Remembering Morgan with Ridgeback Rehab

Pets are comforting companions. They encourage us to remain healthy and act as great stress relievers. Animals are endearing creatures; and often their company is what prevents intense loneliness for some. They’re loving and protective playmates for kids, and trusted guards in any sign of danger or vulnerability.

So, it’s not hard to understand why pets are such a welcome addition to the homes of so many, often being gifted as adorable surprises to excited and welcoming arms. The peak in Covid-19 saw a spike in pet adoptions and purchases, with a large part of the world confined to their own spaces and company.

Not Always a Happy Ending

However, these stories don’t always have happy endings. Many times pets are given up for adoption, or even abandoned, due to a range of reasons. According to Four Paws international, the top reasons include:

  • A lack of research into what taking care of pets entails, and not realising how much time and commitment it takes to properly care for them. Implementing raw food diets, for example, are better for dogs as they produce less plaque. Regular brushing, exercise and dental and medical checkups are also essential in maintaining your pet’s overall health.
  • Changed life situations such as a shift in family dynamic, sudden illness or inability to care for them, change from remote to full-time office employment or a move to accommodation that isn’t animal-friendly leave people with no choice but to give up their pets.
  • Changes in financial situations, leaving people unable to afford the additional costs.
  • Buying animals instead of adopting abandoned pets only adds to the problem.

Alarmingly, among the reasons are boredom or disinterest in owning a pet, illness or old age in the animal – deeming them a liability to the owner, or loss in profitability where a pet was kept for reasons such as breeding or sports and can no longer serve their intended purpose.

While some of these reasons could be seen as out of the owner’s control, many of them are entirely unavoidable; results of negligence and in some cases, cruelty. Animal activists stress the need for proper research before deciding to adopt a pet, and realising from the outset that it’s a lifelong commitment.

There are options available that would grant the animal their happy ever after, but they still face a considerable amount of trauma as a result of being separated from an owner they’d looked to as their carer. Additionally, while some animals are rehomed, many of them remain abandoned, left to fend for themselves unless they are fortunate enough to be discovered and temporarily homed by animal shelters and organisations, in the hopes of finding them a loving forever home.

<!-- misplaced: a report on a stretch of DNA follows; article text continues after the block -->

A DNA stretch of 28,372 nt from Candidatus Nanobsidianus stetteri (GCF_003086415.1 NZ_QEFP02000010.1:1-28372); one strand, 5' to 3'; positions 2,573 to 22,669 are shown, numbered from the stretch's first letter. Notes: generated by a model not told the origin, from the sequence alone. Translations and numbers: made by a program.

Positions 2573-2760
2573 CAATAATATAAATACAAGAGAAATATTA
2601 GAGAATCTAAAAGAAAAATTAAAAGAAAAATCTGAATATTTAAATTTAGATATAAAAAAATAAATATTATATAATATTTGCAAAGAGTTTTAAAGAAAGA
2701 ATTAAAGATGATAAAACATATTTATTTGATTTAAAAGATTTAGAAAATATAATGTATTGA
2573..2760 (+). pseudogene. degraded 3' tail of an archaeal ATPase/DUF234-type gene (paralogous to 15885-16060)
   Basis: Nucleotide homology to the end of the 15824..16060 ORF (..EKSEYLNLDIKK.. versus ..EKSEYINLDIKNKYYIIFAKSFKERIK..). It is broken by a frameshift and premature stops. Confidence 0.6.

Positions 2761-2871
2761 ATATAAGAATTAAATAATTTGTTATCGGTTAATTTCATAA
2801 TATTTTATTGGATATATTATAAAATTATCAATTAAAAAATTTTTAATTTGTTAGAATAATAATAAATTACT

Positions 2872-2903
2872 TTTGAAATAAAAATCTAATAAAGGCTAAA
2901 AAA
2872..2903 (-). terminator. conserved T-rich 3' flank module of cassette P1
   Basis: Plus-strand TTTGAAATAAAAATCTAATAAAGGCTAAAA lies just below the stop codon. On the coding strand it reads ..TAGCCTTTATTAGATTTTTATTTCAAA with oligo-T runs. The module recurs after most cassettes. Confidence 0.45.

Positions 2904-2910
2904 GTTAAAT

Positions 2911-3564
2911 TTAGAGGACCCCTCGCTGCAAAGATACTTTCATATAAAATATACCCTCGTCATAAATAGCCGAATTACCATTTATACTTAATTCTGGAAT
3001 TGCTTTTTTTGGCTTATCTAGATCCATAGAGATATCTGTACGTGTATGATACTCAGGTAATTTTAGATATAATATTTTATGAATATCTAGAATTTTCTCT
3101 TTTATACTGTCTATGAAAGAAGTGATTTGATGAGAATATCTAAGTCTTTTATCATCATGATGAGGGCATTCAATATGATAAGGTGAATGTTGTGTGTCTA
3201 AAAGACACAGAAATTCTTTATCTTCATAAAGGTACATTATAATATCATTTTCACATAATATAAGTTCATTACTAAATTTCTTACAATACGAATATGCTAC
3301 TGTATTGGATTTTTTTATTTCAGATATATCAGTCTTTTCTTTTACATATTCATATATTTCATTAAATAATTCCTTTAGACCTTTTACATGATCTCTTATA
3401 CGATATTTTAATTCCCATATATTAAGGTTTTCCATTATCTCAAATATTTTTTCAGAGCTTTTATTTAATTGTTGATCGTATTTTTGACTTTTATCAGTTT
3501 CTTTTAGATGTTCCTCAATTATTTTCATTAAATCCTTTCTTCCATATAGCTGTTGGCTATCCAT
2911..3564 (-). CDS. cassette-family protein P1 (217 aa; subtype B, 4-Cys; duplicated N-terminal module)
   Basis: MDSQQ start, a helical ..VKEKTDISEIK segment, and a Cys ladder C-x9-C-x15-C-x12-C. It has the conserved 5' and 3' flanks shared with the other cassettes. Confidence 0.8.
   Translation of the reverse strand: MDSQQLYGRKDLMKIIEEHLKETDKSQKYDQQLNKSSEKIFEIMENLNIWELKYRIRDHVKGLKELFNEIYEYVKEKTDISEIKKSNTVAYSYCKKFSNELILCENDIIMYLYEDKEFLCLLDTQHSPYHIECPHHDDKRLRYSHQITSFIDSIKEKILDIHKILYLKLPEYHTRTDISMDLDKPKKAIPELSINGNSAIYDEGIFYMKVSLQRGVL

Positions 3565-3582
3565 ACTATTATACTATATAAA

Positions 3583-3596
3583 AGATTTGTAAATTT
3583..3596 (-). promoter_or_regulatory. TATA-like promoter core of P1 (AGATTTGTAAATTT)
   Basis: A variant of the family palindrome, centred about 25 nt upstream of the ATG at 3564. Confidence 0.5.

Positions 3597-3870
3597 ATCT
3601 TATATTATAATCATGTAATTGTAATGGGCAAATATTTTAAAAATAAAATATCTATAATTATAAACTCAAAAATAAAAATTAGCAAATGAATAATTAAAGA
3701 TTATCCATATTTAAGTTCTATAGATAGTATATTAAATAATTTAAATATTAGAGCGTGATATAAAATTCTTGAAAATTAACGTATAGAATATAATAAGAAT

Ridgeback Rehab

Ridgeback Rehab Logo

One such organisation is Ridgeback Rehab. 
Started in 2013 by Hayley Nel and based in Johannesburg, its founding was inspired by there being no registered shelter for South Africa’s national dog; the Rhodesian Ridgeback. The dogs come from an array of situations: emigration, relocation, retirement or death of owners, behavioural issues, indifference, and strays.  Occasionally, they do receive puppy milled dogs, and dogs abandoned on property.
With no constant access to outside funding, Hayley relies heavily on the generosity of the public, constantly needing to request donations just to stay afloat, especially with rising costs.
Adoption rates are erratic. Large dogs are always harder to home than small breeds, as their requirements are greater. This year has seen a sharp decline in applications and, by default, adoptions.

Our Boys, Basil and Morgan

The organisation is especially close to one of our directors, Dr Mark Bowes and his family, who recently adopted a ridgeback named Basil. This was only a short while before they sadly had to say goodbye to their beautiful hound Morgan,also a ridgeback, due to illness.

We choose to remember Morgan by encouraging better care of animals and reaching out to organisations like Ridgeback Rehab to assist wherever possible.

According to Hayley, she started with high hopes of it becoming a community project, but it ended up being a “24/7, unpaid position”. They have housed close to 700 dogs over the last 9 years, and would greatly appreciate any assistance in the form of donations, foster care, administrative and social media help.

Reach Hayley at 082 358 4337 or if you’d like to assist.

Rhodesian Ridgeback dogs